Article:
Henmania fizzles out in Wimbledon drizzle
Put away the Union Jack hats and take down the "Tiger Tim" posters -- Britain's annual bout of "Henmania" is over for another year.
For this island nation starved of sporting heroes, Tim Henman's pursuit of the ever elusive Wimbledon crown is one of the great rites of summer.
In a quintessentially British sport, Henman's compatriots hold their breath as he takes them on a rollercoaster ride.
At Wimbledon 2003, it came crashing to a halt yet again on Thursday as Sebastian Grosjean knocked out Henman in the quarter-finals after two days of rain-interrupted play.
Forget the Entente Cordiale. Grosjean instantly became the loneliest Frenchman in Britain.
For this was another bitter blow for the British who abandon their stiff upper lips every year with delirious cries of "Come On Tim" echoing around the hallowed Centre Court.
BBC television delayed its most popular soap opera so tennis fans could catch matches live. The evening news was switched to another channel as Henman attracted record viewing figures.
For two weeks of the year, Henman ranks alongside England soccer captain David Beckham as a national icon and Becksmania battled Henmania for attention.
Real Madrid officially unveiled Beckham on Wednesday as their latest signing at a glitzy ceremony beamed live across the world. In London, Henman stepped on court to have his dream shattered -- even if it did take two days.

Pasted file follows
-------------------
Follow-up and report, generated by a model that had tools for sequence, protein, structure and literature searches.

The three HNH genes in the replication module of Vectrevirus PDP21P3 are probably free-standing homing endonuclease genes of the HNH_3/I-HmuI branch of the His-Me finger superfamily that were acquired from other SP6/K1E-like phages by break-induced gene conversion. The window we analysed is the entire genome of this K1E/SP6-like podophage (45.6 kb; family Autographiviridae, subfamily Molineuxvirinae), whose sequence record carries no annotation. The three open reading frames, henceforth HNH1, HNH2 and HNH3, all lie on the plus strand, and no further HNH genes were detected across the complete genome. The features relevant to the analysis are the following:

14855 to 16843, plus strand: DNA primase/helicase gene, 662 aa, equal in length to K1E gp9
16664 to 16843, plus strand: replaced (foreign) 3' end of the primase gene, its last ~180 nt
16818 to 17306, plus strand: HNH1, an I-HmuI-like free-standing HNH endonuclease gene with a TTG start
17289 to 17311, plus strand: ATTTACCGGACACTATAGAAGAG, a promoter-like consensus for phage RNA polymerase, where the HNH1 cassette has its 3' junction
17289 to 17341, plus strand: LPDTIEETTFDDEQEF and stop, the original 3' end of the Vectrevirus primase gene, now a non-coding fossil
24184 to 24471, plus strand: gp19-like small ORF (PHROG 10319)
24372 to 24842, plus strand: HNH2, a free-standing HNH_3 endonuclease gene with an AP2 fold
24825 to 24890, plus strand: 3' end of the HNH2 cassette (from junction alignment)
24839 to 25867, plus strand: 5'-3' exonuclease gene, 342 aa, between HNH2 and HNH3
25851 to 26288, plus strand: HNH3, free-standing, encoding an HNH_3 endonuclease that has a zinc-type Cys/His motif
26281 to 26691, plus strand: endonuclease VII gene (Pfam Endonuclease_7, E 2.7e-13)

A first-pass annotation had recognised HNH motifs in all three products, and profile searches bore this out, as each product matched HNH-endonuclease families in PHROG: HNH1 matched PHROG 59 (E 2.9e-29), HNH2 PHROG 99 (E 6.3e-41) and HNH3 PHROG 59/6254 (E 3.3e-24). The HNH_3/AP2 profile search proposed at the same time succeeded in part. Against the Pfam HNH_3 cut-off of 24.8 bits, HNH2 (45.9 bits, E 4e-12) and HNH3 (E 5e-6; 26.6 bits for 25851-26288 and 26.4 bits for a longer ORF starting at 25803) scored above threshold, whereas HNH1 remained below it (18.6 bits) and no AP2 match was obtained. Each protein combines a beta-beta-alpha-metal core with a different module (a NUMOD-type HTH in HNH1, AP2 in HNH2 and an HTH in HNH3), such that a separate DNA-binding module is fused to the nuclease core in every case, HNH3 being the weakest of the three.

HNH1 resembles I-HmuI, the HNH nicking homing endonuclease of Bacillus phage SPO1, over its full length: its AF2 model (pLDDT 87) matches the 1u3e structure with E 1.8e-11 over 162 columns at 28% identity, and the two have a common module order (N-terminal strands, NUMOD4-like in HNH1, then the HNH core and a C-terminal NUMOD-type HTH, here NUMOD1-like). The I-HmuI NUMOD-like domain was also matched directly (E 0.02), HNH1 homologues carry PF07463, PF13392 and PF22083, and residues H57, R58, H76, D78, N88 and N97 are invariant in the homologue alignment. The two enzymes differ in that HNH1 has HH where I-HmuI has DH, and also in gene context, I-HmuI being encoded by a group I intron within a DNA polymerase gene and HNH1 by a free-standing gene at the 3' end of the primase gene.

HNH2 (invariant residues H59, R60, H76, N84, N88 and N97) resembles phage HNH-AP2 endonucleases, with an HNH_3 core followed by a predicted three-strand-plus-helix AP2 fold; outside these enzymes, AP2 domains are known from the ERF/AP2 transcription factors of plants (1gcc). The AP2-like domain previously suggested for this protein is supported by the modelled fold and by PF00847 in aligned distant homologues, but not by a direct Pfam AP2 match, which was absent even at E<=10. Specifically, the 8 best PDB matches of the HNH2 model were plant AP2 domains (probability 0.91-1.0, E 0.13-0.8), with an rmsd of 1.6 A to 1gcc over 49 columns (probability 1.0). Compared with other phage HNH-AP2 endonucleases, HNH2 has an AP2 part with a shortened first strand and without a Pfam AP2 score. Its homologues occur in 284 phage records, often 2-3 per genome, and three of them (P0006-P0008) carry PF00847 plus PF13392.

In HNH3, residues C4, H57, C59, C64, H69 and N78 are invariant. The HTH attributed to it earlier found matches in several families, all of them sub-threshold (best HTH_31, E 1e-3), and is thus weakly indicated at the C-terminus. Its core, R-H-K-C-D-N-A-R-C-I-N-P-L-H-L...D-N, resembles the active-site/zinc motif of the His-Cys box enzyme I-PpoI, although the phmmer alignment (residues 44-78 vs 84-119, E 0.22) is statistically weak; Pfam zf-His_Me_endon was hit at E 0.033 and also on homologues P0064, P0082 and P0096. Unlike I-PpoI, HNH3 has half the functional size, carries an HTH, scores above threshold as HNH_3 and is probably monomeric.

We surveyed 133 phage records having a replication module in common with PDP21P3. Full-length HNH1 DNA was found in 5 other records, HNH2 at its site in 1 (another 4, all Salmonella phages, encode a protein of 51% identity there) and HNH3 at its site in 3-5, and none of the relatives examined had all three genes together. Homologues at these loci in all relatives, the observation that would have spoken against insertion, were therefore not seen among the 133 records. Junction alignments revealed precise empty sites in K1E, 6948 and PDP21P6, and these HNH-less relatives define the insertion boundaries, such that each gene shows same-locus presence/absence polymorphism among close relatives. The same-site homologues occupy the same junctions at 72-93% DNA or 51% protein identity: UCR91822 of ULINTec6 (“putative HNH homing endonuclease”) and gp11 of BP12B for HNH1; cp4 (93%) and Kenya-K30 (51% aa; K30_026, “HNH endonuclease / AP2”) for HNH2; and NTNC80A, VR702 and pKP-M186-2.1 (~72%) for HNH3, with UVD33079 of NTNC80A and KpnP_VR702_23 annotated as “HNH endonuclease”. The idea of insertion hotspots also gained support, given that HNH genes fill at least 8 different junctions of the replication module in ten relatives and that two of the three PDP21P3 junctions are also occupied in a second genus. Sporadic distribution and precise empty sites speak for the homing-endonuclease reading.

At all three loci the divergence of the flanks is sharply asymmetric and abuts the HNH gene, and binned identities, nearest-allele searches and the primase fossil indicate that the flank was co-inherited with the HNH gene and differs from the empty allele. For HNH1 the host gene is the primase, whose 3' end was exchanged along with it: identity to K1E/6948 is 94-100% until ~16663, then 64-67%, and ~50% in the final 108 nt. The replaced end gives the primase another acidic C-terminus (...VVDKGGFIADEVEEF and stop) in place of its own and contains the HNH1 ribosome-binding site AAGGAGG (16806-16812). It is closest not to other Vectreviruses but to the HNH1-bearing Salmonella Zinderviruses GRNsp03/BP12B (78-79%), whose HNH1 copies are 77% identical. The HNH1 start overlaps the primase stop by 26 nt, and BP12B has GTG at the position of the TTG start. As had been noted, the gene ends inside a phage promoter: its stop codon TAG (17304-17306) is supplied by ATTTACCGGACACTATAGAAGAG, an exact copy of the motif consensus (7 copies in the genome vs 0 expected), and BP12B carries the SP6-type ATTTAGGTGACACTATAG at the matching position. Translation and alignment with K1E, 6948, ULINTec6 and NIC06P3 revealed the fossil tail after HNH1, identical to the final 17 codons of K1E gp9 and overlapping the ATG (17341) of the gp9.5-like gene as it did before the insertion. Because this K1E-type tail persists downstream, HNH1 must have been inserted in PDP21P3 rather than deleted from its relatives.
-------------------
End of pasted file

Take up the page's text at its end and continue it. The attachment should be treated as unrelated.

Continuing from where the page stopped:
The two sporting stars could not be more different.
Beckham is a working class hero with a pop star wife and children called Brooklyn and Romeo. A fashion icon with street cred, he is a marketing manager's dream.
Henman is the epitome of Middle England, the picture of suburban gentility. He and wife Lucy have a baby daughter called Rose Elizabeth. He advertises soap powder and orange squash.
On Thursday, millions glued to their television sets sweated for "Timbo" as he reached in vain for his Holy Grail.
For the 14,000 fans on Centre Court frantically waving their Union Jacks, Grosjean was, as the French sports daily L'Equipe said, "L'Ennemi Public No 1".
Hundreds of fans gathered outside the court on "Henman Hill" crouching under umbrellas and shouting themselves hoarse.
Munching hamburgers, quaffing beer, the "Henman Hillbillies" sat with their eyes glued to a giant screen. But there was no singing in the rain as Tim tumbled.
Boris Becker, who first won Wimbledon at the tender age of 17, really felt for Henman, his shoulders weighed down this year by a shoulder injury and the weight of a nation's expectations.
"The British are so desperate for him to succeed that they pressure him," Becker said of the player who becomes a national icon for two weeks of the year as all eyes turn to Wimbledon.
With the Henman rollercoaster grinding to a halt for another year, BBC commentator Barry Davies offered a sympathy-laden epitaph: "I don't think there is a sportsman in Britain under greater pressure. He is out there on his own."